Keep talks on hold

It is some relief that the latest high-level spat between India and Pakistan revolves around whether Nawaz Sharif described his fellow Punjabi Manmohan Singh as an old village woman carrying tales to Aunty or Uncle Sam.

Not being privy to breakfast chatter in New York, I can not vouch for the authenticity of a participant’s story that was denied with far less assurance than it was reported. One does wonder, though, what precisely that old village woman might have to say about the comparison. Would she take offence?

Singh seemed unaffected, either by this or by the hint that he might have become a “bechara” after Rahul Gandhi’s intemperate offensive against a decision taken by Sonia Gandhi and Singh. It says something about the political environment we live in that even a Congress heir believes he can best score some brownie points with the electorate only when he attacks a Congress government.

Lost in our immediate concerns we might be missing another perspective. The meeting between Singh and Sharif was not between a departing lamb and an incoming lion, but probably between two helpless men. It took years for Singh’s credibility to weaken.

Nawaz Sharif seems to have lost his sheen in just a few months. Both represent weak governments: if Delhi has been grounded, then Islamabad has not taken off.

The two met abroad because they cannot meet at home. But if the purpose was merely to repeat clichés, delivered in pseudo-stern language and heard in stoic silence, why meet at all?  Manmohan Singh never asked a question which Nawaz Sharif may never have wanted to, or been able to, answer: what is the reason for the sudden spurt in violence and incursions along the  ceasefire line?

Conflict is too complex a dilemma. There are no easy prescriptions. But India and Pakistan have reached a point where even a common effort at diagnosis is not possible. Officially, Pakistan withdraws from any responsibility when it attributes the continuation of Pakistan’s war for Kashmir to “non-state actors”. It maintains, by this formulation, that the state has abandoned war as an option in the struggle for Kashmir.

But the Indian Prime Minister never raised the question that India’s President, Pranab Mukherjee, asked during his trip to Belgium and Turkey: where do these “non-state actors” come from? As he put in a pithy phrase, they do not drop down from heaven. They thrive in Pakistani territory, and they cross the  ceasefire line with help from the Pak forces stationed along that line. They are never challenged while on the Pakistani side of the line. Is this help provided with permission from the Sharif government, or is it an independent operation run by the Pak armed forces, who run their own two-track policy on terrorists?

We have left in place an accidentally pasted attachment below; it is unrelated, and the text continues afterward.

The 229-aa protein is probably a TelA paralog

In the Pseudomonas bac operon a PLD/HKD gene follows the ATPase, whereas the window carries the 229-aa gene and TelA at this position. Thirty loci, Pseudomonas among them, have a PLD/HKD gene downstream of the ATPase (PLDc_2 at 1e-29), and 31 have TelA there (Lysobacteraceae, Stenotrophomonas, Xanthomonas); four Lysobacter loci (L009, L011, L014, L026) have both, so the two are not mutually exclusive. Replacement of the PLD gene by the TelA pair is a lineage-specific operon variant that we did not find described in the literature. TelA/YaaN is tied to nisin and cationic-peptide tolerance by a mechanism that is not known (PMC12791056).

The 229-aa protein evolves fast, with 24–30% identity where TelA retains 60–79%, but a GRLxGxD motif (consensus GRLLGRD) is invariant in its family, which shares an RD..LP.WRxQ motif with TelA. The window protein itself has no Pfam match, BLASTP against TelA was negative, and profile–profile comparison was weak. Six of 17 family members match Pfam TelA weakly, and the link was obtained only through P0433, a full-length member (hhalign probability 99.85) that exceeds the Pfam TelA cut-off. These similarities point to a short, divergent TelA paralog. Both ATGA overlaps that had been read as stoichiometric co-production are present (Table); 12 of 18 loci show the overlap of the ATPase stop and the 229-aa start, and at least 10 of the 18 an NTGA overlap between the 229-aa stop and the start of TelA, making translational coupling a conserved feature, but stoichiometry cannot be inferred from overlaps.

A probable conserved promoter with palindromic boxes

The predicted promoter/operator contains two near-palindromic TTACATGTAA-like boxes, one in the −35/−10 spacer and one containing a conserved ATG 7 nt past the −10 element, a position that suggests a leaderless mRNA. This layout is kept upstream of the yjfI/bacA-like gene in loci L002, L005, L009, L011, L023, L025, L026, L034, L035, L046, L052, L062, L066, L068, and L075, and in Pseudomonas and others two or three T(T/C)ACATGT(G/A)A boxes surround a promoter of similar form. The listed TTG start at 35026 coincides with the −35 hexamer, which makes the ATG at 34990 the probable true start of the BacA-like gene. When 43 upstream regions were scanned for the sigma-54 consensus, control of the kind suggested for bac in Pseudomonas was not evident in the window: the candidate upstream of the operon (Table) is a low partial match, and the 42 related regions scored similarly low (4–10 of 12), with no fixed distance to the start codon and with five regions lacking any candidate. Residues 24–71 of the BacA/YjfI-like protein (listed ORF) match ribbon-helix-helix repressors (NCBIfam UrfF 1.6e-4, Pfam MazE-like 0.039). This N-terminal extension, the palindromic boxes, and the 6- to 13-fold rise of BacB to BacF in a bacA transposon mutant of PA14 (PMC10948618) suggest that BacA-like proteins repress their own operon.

Reasonable assessment

The reasonable assessment is that Sharif is helpless. He cannot confront his own Army; and he will not risk antagonising those powerful vested interests who still believe that India can be bled to slow death. Sharif has made it obvious, by his inaction if not through words, that he has chosen the path of least resistance over Hafiz Saeed, head of the Lashkar-e-Taiba, who orchestrated the Mumbai terrorist attack and continues to nurture assaults against India.

It is possible that given the horrendous resurgence of mass killings, whether of Christians in a Peshawar church or Muslims on a Peshawar street with a car bomb, or Shias across the country, cross-border terrorism in Kashmir might be at the bottom of his priorities. If Hafiz Saeed is a threat to India, then the Pakistan Taliban is a danger to the whole existing establishment in Pakistan. But if that is the truth, then the best course would be to keep the India-Pakistan dialogue on hold at least until both Delhi and Islamabad are in a position to discuss something concrete. The fudge that was offered as a meal in New York only looks more ludicrous when served with such solemn faces. Sharif and Singh are not fooling their citizens. The people are wiser than they think. But they are fooling themselves.

Indian public opinion is nostalgic for Pranab Mukherjee, not least because he understood the mood of street and village and gave voice to it. He is the Prime Minister they did not get, because  Sonia Gandhi would not give him the job. The Congress will never acknowledge this, but privately its leaders are beginning to appreciate the perils of heading into a general election without Mukherjee’s counsel and articulation. Mukherjee is as far from a hawk as you are going to get in India, and if he has finessed the government’s wishy-washy language, it is only because the Indian mood has hardened.
Singh will not be Prime Minister after 2014. Pranab Mukherjee will remain President till 2017. Perhaps there is enough time to arrange a chat between Sharif and Mukherjee.

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